September 15, 2012

Foundry Wells (6 x 50)

Video review HERE.

FOUNDRY is the brainchild of Michael Giannini who led the team that created the breakthrough brand. “Innovation comes from many sources,” he notes. “It is a pleasure and an honor to be able to call upon our greatest resources: the collective talent of cigar masters, our expertise in tobacco cultivation, processing and blending and the creativity of our artisan cigar rollers and box makers to bring FOUNDRY to fruition.”

Visual considerations aside, FOUNDRY’s avant-garde approach extends to its masterfully balanced synthesis of flavors. Featuring an indulgent collection of five proprietary tobaccos from four different countries, each aged between three and six years, Foundry’s foundation is amplified through an eight year old Connecticut wrapper developed by General Cigar. Called H-47 Pleno Sol, the lustrous wrapper imparts a deeply complex, layered smoking experience like no other. The cigars are produced in the Dominican Republic.
The four-cigar collection is accessibly-priced, and will make its mark on tobacco retail starting in late-October. Foundry features these new cigars: Wells (6”x 50, SRP per cigar is $7.95);Lovelace (6 ¼ ” x 54, SRP per cigar is $8.45); Talbot (5” x 60, SRP per cigar is $8.95) and Cayley (6 ½” x 60 x 56 x 43, SRP per cigar is $9.45). Each frontmark is presented with a unique box design and features both a traditional paper band and a steampunk-inspired metal gear band.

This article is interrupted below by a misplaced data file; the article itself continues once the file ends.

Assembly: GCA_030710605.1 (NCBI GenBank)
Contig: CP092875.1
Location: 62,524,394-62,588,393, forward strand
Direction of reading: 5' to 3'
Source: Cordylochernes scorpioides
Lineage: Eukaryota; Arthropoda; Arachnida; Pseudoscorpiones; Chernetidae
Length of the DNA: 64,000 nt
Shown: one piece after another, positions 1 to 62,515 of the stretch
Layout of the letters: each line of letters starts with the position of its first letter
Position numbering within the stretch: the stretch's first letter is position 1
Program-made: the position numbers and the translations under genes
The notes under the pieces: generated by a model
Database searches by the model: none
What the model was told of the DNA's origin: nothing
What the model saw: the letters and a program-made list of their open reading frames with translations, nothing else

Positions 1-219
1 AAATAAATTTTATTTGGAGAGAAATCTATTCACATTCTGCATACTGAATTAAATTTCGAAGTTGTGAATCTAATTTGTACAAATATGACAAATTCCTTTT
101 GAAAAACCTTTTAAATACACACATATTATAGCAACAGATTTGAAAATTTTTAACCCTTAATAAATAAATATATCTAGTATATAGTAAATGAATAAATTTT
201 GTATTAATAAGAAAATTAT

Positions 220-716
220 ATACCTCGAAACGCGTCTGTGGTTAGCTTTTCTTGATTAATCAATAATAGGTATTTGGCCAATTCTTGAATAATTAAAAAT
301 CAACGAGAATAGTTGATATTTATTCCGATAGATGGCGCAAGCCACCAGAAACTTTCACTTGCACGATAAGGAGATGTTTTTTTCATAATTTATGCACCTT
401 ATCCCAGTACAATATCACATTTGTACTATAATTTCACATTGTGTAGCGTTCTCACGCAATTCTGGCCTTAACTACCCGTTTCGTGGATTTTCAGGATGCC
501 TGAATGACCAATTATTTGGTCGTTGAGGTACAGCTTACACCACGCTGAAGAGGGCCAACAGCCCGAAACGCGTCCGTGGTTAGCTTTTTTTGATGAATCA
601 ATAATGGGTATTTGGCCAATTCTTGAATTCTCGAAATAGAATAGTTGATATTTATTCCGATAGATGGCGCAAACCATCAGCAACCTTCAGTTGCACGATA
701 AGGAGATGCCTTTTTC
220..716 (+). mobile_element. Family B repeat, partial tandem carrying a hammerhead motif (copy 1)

The cigar is dense and weighty in the hand even after removing the metal ring. Foundry is triple capped and, as I said before, very dense.

After cutting the triple cap the test draw was a little firm. Upon lighting the cigar the initial flavors were leather, cream, and a good amount of pepper (6 out of 10). I let the cigar sit for a minute.

About 1/2 inch in the flavors have settled down into leather, cream, and grapefruit citrus that is not sweet. The pepper remains very good. The ash is a very light color. The finish is a basic cream flavor with not much lingering pepper. The cigar is medium bodied at this point.

I noticed an interesting thing just after the last segment. There are hints of spearmint noted when you initially expel the smoke through the nose. They quickly give way to the leather notes and other flavors. I found the spearmint notes to be unexpected and quite nice.

At, or about, the midpoint there are signs of some richness in the leather notes. They are not full blown richness but there are hints. The spearmint notes are still there on the very front end. Of course, the leather notes are still the dominant flavor followed by the cream and grapefruit citrus. The finish is still cream.

With about 1 12 inches left there are still hints of richness. The spearmint notes have gone away. You are left with the leather and semi-sweet grapefruit citrus. The pepper remains the same, which is pretty good. The finish has also not changed.

The story of this cigar is leather. The sub-story is the spearmint notes which were around until the 3/4 point. The cream was nice as well as the grapefruit citrus, which became semi-sweet in the final 1/3. There were  hints of richness in the leather but they never achieved full richness. The pepper remained pretty good. The finish was cream but it did not have any sweetness. There was very little lingering pepper on the finish.

I would say that those of you who like leathery cigars would like this cigar. The spearmint notes made it interesting.

Score: 86


The Coffee House Trail said...

good read, is that ring metal or plastic?

Tiny Tim said...

It's metal. Actually looks like a gear. Heavy metal. Cool looking but I don't get putting one on a cigar. It's artsy, I guess.